Scenario A, a healthy factory: To make the right amount of this toy for all the kids who want them, a healthy factory has to make the right amount and the right shape of all the rings. Let’s say 6 perfect sets per hour.
Scenario B, representing SDS. The factory has a problem making enough toys, because the rings get stuck in the molds or spill over and several machines are out of service. It cannot meet the demand. The factory has two ways to increase production.
Scenario C. It can address the problem directly, by fixing some machines or by adding a non-stick coating to the mold. These strategies will increase the output, while still generating perfect sets of toys. The quality and quantity of toys will catch up to the healthy factory, but it won’t over produce the toys or sacrifice quality. This is a compensatory mechanism and represents normalization.
Scenario D. It can completely ignore the quality issues and just increase the throughput. The rings still get stuck in the molds, but the factory just powers through. Output is increased, but without quality control, it's all junk. The factory is out of control. This is a maladaptive mechanism and represents transformation.
In SDS, both coping mechanisms have been observed. Several mutant clones are commonly observed in the bone marrow of SDS patients during their bone marrow surveillance over time.
i(7q) - which provides an extra copy of a region of chromosome 7 that contains the leaky SBDS gene - is a normalizing mutation. It increases the gene dose of SBDS. It’s like fixing the machines in the toy factory.
del(20q) - which is a deletion of a section of chromosome 20, contains among many others a gene that is involved in ribosome assembly. New research indicates that mutations or deletions in this gene reduce the amount or function of EIF6, making it easier for SBDS to do its job in helping assemble the ribosome. It counteracts the SBDS defect, and is therefore compensatory / normalizing. It’s like adding non-stick coating to the machines.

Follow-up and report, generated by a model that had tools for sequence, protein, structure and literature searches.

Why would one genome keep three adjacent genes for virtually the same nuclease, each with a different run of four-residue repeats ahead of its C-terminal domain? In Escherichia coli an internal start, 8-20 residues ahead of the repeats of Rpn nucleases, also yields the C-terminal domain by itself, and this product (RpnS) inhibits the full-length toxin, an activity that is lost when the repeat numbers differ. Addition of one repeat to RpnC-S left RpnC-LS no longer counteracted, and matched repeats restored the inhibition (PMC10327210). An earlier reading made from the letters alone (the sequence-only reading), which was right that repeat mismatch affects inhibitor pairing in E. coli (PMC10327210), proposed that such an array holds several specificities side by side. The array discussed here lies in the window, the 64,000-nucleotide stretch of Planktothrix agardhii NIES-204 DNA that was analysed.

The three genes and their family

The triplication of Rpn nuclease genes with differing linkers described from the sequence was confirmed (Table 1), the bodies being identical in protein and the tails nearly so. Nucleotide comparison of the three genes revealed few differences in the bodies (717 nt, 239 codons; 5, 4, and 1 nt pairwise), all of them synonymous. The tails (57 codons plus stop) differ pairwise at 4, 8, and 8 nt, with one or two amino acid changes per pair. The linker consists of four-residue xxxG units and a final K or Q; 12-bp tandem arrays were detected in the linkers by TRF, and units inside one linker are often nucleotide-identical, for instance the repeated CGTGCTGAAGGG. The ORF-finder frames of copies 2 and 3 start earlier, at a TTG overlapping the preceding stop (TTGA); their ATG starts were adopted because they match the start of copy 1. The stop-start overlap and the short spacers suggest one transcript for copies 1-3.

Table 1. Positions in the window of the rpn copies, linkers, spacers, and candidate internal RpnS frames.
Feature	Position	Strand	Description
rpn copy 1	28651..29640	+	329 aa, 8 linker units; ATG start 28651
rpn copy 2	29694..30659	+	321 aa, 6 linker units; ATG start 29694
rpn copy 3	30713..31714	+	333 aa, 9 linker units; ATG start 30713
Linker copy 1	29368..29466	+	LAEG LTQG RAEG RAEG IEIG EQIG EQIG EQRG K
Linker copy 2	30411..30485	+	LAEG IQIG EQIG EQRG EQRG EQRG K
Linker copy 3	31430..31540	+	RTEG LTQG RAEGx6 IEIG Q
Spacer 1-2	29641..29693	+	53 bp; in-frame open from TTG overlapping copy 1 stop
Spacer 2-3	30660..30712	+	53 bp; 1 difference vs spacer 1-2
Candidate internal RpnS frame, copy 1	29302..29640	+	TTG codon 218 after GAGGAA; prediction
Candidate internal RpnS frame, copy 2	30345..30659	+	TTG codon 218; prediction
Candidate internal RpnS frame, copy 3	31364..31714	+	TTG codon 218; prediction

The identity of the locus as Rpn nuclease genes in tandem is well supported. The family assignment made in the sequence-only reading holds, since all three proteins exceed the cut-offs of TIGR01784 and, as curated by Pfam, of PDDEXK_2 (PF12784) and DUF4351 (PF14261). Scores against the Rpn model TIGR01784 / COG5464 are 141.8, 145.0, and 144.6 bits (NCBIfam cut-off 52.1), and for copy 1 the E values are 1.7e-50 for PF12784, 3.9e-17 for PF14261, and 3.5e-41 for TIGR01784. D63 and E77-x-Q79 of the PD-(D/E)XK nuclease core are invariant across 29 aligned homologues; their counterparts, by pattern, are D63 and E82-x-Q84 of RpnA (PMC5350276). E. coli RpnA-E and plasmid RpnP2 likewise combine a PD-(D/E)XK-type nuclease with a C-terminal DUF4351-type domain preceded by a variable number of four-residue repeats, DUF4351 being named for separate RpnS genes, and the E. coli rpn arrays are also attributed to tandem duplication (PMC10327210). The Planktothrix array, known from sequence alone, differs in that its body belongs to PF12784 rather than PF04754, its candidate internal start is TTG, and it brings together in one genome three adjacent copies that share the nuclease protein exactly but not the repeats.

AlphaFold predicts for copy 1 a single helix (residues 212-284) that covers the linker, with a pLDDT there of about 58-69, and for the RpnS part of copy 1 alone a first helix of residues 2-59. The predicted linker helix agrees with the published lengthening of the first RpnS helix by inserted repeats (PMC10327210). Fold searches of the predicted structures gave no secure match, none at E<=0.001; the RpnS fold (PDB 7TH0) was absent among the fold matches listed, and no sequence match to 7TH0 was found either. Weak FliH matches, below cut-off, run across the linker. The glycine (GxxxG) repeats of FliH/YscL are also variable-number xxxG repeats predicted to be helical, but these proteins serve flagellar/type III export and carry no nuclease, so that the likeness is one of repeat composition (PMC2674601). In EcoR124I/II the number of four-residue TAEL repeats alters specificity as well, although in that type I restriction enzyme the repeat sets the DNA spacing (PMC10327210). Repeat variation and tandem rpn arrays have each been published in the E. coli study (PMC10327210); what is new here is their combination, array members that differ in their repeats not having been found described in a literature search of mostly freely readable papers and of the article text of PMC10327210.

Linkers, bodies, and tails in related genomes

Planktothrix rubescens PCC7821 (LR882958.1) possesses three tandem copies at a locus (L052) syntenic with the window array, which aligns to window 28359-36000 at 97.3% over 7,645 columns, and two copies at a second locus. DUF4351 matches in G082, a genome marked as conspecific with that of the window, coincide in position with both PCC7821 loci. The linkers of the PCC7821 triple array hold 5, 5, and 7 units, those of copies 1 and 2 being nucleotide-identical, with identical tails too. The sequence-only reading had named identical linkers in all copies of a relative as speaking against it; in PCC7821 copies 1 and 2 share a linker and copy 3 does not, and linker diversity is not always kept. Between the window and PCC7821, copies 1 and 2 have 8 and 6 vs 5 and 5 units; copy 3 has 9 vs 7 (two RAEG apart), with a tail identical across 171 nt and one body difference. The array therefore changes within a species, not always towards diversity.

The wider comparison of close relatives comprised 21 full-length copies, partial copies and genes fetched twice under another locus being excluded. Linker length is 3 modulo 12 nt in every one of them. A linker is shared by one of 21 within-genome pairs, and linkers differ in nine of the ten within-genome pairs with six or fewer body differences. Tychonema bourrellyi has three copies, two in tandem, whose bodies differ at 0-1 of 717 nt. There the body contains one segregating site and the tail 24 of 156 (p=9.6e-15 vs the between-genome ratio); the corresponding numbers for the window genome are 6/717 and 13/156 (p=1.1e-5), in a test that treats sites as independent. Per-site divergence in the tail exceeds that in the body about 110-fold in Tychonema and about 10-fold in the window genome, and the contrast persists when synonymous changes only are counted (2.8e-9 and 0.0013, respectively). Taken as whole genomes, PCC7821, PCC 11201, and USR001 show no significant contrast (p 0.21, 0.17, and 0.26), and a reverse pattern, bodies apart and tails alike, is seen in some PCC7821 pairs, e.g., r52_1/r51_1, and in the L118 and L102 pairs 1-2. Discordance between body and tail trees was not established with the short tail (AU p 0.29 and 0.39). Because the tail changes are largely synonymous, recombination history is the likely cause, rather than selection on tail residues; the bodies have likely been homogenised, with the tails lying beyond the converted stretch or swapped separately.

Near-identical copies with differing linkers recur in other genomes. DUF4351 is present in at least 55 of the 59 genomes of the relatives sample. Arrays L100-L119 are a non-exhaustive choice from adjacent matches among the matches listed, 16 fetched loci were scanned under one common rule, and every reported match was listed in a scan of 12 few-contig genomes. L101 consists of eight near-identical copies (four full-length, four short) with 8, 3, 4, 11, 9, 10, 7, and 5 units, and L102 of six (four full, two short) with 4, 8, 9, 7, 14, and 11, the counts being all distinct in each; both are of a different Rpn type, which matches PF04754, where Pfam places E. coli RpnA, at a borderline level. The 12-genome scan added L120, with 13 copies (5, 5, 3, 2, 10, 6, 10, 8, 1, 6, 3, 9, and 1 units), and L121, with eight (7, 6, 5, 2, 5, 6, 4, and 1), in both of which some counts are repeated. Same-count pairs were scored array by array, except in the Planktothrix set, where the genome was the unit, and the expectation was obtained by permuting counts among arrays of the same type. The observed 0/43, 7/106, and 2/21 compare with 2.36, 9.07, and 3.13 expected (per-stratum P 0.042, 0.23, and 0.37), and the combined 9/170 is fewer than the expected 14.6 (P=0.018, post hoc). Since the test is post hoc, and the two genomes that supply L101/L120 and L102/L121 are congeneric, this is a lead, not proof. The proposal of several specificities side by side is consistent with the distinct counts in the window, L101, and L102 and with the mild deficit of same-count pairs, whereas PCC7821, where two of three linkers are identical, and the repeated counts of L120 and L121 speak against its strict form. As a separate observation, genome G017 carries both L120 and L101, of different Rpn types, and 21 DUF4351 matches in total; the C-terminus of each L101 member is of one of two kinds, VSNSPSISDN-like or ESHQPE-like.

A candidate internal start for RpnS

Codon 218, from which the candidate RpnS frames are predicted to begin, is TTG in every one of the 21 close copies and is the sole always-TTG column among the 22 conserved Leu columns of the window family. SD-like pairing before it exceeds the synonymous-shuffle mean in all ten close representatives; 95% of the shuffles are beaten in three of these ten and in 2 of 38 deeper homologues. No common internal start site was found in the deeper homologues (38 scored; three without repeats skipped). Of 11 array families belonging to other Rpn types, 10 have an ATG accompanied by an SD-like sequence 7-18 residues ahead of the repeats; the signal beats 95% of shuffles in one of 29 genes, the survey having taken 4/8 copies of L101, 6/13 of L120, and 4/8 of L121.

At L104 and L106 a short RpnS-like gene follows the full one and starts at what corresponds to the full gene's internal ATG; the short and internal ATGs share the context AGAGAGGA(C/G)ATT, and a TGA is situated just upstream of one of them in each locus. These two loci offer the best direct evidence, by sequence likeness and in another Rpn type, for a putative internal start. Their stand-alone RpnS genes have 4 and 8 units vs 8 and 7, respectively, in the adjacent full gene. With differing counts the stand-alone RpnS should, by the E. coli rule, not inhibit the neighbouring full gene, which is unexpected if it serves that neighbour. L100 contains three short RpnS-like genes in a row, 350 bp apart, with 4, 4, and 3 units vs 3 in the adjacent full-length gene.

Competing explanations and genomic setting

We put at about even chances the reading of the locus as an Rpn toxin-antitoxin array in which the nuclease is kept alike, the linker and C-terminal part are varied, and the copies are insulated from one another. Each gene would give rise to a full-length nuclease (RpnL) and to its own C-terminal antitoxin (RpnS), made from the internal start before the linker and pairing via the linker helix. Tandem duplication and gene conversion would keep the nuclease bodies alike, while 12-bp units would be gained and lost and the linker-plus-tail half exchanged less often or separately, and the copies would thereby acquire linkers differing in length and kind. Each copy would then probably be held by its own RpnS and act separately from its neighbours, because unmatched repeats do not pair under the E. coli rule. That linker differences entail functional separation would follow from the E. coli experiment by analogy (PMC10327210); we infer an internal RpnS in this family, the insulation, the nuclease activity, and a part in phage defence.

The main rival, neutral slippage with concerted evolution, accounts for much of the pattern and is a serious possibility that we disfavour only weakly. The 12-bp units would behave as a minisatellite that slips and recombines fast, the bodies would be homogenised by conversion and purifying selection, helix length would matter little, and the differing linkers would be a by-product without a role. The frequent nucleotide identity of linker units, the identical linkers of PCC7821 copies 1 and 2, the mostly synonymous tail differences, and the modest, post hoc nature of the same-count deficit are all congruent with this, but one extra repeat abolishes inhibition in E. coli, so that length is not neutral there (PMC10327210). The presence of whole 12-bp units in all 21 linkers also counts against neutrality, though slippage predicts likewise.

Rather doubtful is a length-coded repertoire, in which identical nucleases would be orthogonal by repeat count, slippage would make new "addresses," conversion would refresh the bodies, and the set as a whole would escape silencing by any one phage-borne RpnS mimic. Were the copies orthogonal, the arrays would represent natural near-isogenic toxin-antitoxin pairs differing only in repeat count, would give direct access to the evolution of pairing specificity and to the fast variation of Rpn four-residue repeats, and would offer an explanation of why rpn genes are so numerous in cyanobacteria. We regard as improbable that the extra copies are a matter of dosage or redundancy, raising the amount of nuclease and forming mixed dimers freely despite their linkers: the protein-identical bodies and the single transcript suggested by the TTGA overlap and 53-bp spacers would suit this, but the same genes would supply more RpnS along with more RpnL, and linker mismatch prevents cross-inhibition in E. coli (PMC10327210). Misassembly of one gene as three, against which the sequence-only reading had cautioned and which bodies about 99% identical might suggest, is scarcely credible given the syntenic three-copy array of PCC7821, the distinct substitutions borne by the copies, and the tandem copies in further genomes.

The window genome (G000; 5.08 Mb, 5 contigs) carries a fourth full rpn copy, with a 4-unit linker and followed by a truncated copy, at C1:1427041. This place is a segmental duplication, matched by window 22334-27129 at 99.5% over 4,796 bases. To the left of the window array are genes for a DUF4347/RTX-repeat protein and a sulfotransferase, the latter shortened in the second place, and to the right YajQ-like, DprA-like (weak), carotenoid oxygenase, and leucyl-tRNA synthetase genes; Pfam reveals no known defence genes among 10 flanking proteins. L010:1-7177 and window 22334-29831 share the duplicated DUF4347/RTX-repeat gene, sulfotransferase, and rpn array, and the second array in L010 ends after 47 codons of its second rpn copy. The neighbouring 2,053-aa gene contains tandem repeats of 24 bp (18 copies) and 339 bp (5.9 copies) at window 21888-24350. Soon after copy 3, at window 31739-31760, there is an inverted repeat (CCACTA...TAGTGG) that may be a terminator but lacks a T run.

p53 loss, on the other hand, does not address the SBDS defect directly. Instead, it puts the stem cells on a path to acquire even more mutations and to divide uncontrollably without quality control. Like getting rid of quality control in the toy factory and ramping up production to the extreme, producing a huge amount of junk.
It is not quite as simple as this, though. Up until now, it was not clear what role TP53 plays in SDS, except that it is often found in SDS patients (regardless whether they develop AML). New research indicates that one single TP53 mutation by itself does not predict imminent leukemia risk. However, if the second copy of TP53 is lost as well, this complete TP53 inactivation indicates a strong increase in leukemia risk.
Why is this important?
Because early detection of dangerous changes in the stem cells gives patients the best chance at survival.
With this new understanding of which clones are good or bad, clinicians will be able to look for them during SDS patients’ regular surveillance. Current surveillance strategies rely on regular monitoring of blood counts, bone marrow morphology, and cytogenetics, but are not very sensitive for the detection of early signs of transformation. The addition of next-generation sequencing - a tool that can detect the mutations we just discussed and more - will enable the identification of clones that have an increased transformation risk sooner and thereby allow early intervention when the treatment options have the best outcomes -- such as preemptive bone marrow transplant...or gene therapy.
And finally, this research may also lead to the development of new biomarkers and clinically relevant endpoints for drug and therapy development.
One Million Steps Closer to #CureSDS
It's finally here: the first ever virtual global fun run/walk event to support Shwachman-Diamond Syndrome (SDS) research!
T-shirts are available on the registration page until October 24th.